Concerned for the future of community radio in Brattleboro, radio free brattleboro joined forces with VT Earth Works, which filed for a 100 watt, low power FM license in June of 2001.
On March 3, 2005, VT Earth Works was granted a permit to construct a 100 watt LPFM radio station to serve the Brattleboro community.
Though present-day Brattleboro Community Radio is in some ways eager to separate itself from radio free brattleboro, the pirate radio station's mission of non-profit, independent, diverse programming still lives on, Maxwell said.
"As wonderful as radio free was, we are a licensed FM station and we want to not only broaden our audience but we want to keep our professionalism high," said Maxwell, who fought to keep radio free brattleboro on the air.
Over the years, WVEW has grown to include radio shows ranging from Blues Monday, which is just what it sounds like, plus interviews with local people, to Monkey and Momma, which focuses on issues concerning children.
During their meeting earlier this week, the many hosts put their heads together, the first step toward conquering the multitude of challenges the station will face in the months to come.
They formed committees to salvage items in the studio, search for a new studio space, raise funds and reach out to the community, according to Schneck.
For now, the station is streaming a limited programming schedule online at its website and on its new Android mobile phone application, which Erlanger said was created just weeks before the fire.
A system for streaming live broadcasts is in the works, which will allow hosts to continue booking guests. But nothing is more important than getting back on the traditional radio air waves, said Maxwell.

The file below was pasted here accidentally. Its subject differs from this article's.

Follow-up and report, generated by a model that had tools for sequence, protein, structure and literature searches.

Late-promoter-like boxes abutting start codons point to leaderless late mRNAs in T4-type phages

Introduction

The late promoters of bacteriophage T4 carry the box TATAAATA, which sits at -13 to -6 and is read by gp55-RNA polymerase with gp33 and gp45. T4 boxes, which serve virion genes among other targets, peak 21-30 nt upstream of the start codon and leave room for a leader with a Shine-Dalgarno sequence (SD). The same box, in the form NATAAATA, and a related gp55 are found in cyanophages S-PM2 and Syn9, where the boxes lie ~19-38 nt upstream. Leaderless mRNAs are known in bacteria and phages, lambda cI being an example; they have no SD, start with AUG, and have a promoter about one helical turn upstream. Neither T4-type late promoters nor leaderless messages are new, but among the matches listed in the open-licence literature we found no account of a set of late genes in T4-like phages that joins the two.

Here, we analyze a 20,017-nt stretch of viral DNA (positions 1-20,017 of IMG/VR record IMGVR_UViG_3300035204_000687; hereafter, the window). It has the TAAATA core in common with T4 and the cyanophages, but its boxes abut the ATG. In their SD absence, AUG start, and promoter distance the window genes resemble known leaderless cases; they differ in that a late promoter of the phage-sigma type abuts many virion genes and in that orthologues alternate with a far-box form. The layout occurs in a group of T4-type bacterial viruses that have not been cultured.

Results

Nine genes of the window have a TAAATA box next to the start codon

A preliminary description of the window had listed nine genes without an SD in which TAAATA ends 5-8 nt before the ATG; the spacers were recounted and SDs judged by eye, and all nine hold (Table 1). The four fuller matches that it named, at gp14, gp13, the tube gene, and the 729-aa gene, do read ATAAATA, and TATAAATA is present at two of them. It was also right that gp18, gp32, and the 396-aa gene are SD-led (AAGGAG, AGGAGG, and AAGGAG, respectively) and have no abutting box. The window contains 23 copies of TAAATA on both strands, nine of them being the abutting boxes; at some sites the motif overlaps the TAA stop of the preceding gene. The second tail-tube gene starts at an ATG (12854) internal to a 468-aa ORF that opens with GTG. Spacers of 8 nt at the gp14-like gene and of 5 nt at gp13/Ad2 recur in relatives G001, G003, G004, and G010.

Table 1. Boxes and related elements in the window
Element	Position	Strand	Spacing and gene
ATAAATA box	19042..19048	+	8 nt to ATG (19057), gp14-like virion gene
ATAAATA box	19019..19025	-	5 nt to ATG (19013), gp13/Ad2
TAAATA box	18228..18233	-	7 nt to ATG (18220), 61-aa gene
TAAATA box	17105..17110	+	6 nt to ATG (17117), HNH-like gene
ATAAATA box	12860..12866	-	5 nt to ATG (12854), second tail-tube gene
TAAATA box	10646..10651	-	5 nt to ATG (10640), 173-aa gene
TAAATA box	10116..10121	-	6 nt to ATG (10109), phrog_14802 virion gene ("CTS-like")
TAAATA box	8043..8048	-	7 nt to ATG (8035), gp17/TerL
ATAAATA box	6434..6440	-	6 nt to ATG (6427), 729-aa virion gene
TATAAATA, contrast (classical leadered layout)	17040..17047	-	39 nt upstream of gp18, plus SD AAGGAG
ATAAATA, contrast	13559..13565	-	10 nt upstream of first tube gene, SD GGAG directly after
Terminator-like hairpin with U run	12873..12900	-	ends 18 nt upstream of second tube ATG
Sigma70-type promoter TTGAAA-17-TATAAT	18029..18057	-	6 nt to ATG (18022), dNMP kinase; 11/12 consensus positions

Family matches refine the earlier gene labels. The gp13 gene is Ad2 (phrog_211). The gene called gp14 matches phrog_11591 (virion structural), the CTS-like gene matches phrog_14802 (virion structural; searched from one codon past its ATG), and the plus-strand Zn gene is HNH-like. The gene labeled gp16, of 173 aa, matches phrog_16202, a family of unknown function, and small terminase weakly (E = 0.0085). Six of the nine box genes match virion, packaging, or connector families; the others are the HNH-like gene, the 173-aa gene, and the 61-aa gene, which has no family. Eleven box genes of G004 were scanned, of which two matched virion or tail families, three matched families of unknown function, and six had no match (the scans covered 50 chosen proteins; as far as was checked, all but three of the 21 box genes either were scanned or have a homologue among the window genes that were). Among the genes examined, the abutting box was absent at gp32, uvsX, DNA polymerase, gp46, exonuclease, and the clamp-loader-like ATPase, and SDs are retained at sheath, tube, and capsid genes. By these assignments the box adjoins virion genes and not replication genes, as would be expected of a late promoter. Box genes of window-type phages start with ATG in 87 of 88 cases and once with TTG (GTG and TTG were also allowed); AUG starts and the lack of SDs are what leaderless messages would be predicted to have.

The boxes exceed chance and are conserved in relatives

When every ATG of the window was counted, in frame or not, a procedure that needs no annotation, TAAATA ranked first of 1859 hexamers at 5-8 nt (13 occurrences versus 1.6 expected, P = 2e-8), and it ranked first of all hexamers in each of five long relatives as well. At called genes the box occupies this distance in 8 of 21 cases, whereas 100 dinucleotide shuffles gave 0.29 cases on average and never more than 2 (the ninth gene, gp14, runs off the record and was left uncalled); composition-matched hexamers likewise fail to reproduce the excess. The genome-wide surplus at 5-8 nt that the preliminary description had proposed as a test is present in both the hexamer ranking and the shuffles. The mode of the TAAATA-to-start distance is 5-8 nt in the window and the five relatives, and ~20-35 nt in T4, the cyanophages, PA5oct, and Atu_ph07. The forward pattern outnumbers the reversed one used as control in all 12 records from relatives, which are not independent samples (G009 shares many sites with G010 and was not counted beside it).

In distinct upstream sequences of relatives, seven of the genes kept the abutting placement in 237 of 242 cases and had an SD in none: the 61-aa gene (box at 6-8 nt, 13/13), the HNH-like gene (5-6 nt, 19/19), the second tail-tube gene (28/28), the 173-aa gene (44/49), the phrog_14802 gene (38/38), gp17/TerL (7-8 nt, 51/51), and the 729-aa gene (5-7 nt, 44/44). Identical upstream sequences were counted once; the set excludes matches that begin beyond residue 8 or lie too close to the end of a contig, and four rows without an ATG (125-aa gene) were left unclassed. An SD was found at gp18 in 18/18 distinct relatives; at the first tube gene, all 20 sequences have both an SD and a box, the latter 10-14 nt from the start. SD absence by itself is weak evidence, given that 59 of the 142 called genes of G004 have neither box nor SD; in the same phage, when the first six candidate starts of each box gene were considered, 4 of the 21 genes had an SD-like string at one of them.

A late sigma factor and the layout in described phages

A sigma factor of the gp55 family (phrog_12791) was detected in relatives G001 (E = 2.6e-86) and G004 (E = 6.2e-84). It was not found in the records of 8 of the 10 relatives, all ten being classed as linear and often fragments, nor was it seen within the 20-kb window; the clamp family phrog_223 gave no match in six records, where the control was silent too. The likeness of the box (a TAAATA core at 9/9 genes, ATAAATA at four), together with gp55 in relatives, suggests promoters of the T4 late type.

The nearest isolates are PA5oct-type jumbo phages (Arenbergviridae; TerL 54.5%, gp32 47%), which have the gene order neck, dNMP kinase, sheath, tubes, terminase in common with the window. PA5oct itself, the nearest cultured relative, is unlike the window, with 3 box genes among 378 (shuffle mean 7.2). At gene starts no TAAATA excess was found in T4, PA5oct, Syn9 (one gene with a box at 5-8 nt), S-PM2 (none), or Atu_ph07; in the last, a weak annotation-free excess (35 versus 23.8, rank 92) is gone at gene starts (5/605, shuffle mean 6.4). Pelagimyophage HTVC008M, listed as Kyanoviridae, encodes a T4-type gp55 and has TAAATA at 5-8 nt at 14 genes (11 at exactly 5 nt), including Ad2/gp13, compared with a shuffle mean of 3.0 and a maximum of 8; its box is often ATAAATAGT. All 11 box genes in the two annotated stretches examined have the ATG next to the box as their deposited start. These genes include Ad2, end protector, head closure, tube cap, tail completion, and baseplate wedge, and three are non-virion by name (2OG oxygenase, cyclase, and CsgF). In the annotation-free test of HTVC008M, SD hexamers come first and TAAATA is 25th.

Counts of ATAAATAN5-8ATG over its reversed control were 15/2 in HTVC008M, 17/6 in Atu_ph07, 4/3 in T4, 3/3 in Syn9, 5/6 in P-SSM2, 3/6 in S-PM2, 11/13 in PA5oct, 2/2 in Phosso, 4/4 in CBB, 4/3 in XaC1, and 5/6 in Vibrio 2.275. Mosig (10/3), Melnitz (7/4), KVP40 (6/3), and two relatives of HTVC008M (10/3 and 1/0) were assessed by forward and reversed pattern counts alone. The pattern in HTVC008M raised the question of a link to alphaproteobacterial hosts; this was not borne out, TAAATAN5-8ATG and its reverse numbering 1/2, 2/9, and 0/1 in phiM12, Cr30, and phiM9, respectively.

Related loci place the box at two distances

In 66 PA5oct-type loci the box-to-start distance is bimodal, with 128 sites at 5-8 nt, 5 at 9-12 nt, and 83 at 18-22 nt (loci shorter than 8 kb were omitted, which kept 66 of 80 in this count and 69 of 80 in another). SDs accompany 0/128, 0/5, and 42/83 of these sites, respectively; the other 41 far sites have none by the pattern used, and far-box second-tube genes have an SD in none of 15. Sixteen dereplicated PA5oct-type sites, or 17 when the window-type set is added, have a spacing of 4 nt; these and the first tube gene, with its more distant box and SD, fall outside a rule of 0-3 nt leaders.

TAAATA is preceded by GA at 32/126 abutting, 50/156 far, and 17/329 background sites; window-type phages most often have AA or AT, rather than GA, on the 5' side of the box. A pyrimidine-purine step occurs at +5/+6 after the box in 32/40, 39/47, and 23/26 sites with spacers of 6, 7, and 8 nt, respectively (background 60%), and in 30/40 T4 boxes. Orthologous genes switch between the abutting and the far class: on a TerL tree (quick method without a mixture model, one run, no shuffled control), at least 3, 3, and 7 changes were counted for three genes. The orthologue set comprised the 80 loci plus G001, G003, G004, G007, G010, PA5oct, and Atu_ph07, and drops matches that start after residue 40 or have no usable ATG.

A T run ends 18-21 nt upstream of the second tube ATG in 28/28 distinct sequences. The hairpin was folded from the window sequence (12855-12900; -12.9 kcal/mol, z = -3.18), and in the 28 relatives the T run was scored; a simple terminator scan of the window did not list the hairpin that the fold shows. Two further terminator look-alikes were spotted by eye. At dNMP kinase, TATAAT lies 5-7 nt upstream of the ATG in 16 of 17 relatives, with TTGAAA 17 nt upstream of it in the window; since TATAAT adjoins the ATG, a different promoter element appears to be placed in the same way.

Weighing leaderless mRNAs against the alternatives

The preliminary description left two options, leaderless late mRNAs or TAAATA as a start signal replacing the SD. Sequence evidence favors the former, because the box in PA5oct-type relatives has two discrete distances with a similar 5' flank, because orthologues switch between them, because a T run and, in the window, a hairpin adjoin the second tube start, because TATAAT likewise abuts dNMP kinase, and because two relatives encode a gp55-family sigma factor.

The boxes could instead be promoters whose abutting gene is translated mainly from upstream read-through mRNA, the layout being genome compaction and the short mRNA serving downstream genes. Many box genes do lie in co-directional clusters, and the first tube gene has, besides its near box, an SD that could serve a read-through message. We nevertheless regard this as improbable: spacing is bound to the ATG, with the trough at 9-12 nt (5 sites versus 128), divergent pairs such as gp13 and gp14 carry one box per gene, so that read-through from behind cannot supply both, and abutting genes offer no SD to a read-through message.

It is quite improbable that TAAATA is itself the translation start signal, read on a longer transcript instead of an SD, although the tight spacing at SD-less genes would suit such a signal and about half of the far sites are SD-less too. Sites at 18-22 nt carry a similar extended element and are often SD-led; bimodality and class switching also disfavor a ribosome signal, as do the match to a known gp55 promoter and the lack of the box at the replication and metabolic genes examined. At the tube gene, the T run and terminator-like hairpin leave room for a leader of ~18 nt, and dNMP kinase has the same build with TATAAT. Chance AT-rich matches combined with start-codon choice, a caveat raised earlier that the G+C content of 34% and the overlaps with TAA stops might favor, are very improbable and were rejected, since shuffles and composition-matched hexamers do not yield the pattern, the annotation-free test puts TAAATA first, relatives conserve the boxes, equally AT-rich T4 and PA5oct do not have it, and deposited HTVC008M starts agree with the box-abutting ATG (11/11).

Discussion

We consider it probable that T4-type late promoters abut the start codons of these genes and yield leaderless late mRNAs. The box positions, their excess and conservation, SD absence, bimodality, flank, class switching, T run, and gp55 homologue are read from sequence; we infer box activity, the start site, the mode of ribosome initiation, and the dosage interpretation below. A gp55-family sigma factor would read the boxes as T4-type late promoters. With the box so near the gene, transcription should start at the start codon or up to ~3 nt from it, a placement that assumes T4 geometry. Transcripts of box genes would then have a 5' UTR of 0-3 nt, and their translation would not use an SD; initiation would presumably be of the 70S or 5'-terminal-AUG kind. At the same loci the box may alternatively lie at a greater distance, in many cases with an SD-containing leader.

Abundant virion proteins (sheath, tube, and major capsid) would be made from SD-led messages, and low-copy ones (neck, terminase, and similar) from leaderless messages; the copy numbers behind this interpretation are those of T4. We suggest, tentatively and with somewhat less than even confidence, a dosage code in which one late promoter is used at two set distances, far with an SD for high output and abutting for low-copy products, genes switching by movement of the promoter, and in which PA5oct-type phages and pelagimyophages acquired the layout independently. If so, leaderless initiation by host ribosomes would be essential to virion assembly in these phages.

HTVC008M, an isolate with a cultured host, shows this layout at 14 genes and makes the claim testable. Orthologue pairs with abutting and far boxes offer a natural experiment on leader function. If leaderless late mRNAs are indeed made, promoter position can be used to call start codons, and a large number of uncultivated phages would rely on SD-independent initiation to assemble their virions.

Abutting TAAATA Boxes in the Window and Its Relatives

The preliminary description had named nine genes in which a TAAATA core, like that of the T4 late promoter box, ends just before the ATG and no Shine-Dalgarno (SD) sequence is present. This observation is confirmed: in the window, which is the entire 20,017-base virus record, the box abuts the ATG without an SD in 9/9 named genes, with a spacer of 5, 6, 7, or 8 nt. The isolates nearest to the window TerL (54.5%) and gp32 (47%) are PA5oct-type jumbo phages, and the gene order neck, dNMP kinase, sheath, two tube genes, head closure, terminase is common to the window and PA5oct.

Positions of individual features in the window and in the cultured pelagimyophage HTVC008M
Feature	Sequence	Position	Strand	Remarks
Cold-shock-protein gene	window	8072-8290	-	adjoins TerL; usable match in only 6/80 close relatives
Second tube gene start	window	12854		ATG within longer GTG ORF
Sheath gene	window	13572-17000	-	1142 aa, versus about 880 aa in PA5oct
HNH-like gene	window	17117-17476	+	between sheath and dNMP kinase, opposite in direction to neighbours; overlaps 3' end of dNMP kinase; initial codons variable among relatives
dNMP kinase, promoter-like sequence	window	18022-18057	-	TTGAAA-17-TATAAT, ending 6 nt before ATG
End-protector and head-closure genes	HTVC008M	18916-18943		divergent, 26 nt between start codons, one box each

"As important as it is to be present by streaming, it's still most important that we get back to broadcasting because that's what radio is," Maxwell said. "Everyone's got a radio; not everybody has a computer. And a radio is so portable, so it's the way we can reach people in the most democratic, all-encompassing way."
Brattleboro Community Radio is also planning to do several live broadcasts at upcoming events and fundraisers, to "publicize not only our situation but the situation of other people who were living in Brooks House," said Erlanger.
Erlanger said he is grateful for the community support WVEW has received so far and said the public can help out in the following ways:
-- Funding: In the form of donations, memberships, underwriting. More information can be found on the website www.wvew.org.
-- Space: If anyone has space to offer with reasonable (preferably low) rent.
-- Radio equipment and expertise: If anyone has radio equipment in good condition and/or expertise in helping the station get back up.
-- Time: "When we have specific things to accomplish, if there are people we can reach out to for an hour or two of work, that would be helpful, too," said Erlanger, who can be reached at firstname.lastname@example.org.
Jaime Cone can be reached at email@example.com or 802-254-2311, ext. 277.